Dogma Premise # 13
The most profitable projects are also the most socially worthy projects (as selected by the general population of consumers/purchasers, as if by an invisible hand)
Dogma Premise #13 is perhaps the most shameful and blatantly false of the Dogma Premises, but also among the most important, because atop this empirically false premise is to be built much of the moral justification for Capitalism.
The basic idea is this: Profits derived from voluntary exchange are by definition morally good, because the position of both parties is improved by the deal. You cannot, it is said, make money in a free, profit-driven economy other than by helping others, because if the good or service you are offering is not helpful -- if it is not worth what you are charging or even more -- then the deal will not occur.
You can imagine a world in which this is true -- where all exchanges are voluntary, they are based on adequate information, and the punishment for market misbehavior (e.g., knowingly selling someone a defective product) is so swift and sure that intentional misbehavior is rare.
The real world isn’t like that at all.
The simplest and most common example occurs when it is more profitable to supply less value. For example, it is more profitable to sell a product that will wear out frequently and must be re-purchased, than it is to sell a product that will continue to function indefinitely. Planned obsolescence is so pervasive in our economy that we hardly notice it, although people often express a general sense that things don’t last as long as they used to.
It is also more profitable to externalize costs than to internalize costs. So, for example, a manufacturer that takes care to avoid creating toxic wastes, or disposes of waste properly, or deploys technology that prevents dangerous chemicals from fouling the water or the air will always be less profitable than the same company that is willing to destroy the environment because it has higher costs in producing the same product.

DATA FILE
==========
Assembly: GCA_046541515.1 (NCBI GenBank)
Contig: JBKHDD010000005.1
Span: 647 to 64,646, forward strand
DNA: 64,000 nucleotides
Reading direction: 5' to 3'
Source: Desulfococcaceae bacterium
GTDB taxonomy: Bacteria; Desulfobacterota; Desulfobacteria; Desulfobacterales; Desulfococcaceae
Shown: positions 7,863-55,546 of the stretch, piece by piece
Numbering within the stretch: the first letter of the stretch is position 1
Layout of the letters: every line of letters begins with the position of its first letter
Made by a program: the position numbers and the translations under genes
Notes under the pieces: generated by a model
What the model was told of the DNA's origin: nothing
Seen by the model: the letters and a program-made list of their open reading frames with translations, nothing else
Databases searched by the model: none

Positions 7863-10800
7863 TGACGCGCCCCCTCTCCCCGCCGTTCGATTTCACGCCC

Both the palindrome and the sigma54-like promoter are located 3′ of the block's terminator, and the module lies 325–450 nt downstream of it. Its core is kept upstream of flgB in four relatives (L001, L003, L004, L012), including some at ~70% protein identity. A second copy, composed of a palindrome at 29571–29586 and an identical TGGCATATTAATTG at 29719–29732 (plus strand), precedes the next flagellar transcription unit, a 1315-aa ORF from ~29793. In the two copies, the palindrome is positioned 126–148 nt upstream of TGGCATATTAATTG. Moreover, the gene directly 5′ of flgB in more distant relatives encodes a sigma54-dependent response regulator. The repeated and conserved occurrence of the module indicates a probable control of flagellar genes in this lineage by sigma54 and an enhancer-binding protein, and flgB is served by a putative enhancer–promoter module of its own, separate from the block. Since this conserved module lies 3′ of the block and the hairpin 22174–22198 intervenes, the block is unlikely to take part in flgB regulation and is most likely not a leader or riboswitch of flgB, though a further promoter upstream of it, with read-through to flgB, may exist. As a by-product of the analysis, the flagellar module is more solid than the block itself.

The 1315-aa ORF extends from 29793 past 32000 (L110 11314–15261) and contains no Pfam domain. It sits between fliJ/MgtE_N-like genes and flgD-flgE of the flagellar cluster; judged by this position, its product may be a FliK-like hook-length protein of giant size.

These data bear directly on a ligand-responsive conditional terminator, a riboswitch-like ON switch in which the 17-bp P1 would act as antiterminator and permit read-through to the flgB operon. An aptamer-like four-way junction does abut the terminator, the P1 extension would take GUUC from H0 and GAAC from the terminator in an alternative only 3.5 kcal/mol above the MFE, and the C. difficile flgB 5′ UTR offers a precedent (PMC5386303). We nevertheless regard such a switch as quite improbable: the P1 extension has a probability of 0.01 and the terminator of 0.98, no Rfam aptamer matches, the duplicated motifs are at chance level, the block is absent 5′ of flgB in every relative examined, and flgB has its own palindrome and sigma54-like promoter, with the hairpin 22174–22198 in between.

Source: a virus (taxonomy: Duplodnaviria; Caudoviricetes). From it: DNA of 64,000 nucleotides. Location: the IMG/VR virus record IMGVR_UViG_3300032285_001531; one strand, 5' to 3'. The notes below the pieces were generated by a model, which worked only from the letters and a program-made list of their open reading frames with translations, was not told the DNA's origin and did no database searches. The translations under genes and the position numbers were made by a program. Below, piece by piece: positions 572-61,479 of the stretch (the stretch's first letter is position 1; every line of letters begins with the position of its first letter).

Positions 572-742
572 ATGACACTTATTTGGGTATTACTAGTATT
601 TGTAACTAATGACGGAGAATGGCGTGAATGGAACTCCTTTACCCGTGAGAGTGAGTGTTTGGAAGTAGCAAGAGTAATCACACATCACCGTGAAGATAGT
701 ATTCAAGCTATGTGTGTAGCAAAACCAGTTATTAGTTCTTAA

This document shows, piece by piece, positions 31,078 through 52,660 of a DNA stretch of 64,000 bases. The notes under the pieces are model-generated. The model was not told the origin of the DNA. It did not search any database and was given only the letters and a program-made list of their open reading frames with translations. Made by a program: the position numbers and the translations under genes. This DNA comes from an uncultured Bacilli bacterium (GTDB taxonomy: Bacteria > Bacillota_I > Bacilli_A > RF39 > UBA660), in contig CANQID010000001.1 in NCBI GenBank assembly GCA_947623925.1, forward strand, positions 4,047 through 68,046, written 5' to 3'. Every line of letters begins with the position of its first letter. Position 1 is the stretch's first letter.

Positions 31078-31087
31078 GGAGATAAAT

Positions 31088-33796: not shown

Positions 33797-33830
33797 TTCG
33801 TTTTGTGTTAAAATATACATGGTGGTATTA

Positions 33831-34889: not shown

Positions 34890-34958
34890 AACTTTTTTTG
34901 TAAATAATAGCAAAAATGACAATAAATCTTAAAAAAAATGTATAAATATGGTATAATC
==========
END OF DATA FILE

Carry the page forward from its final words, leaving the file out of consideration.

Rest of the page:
Economists propose two solutions to this problem.
First, if buyers were fully informed about the hidden social cost of certain goods, then they would shun the deceptively low prices. In the real world, of course, buyers know hardly anything about the production processes associated with their purchase of a toaster, microwave, automobile, or a gallon of gasoline -- whether it might involve child labor, unsafe working conditions, dangerous land-use practices, or environmental exploitation. And in truth, we could never expect or even desire that every buyer absorbed a research paper’s analysis on each of a product’s various components before making a purchase. And even if they did, the individual buyer’s economic incentive is not to shun the low priced product, but to instead buy it and hope someone else cleans up the mess.
Second, it is proposed that government regulation create a “level playing field” in which all producers adhere to minimal guidelines that protect against externalities. This doesn’t work in the real world because it simply makes the game more sophisticated -- the most profitable producers are the ones that learn to conceal their wrongdoing, change the rules, or limit their enforcement. But this approach also doesn’t work in theory, because it entirely concedes the point that private profit is not instrinsically aligned with social benefit.
No wonder we could fill a book with counter-examples. Here are a few more ways to increase profitability and harm the world in a single blow: artificially creating scarcity, obtaining market power and raising prices, suppressing competition through a variety of legal means and raising prices, creating defective products, marketing via false or deceptive advertising, winning business via rigged bidding processes or no-bid government contracts, committing acts of corporate espionage, and creating customer lock-in.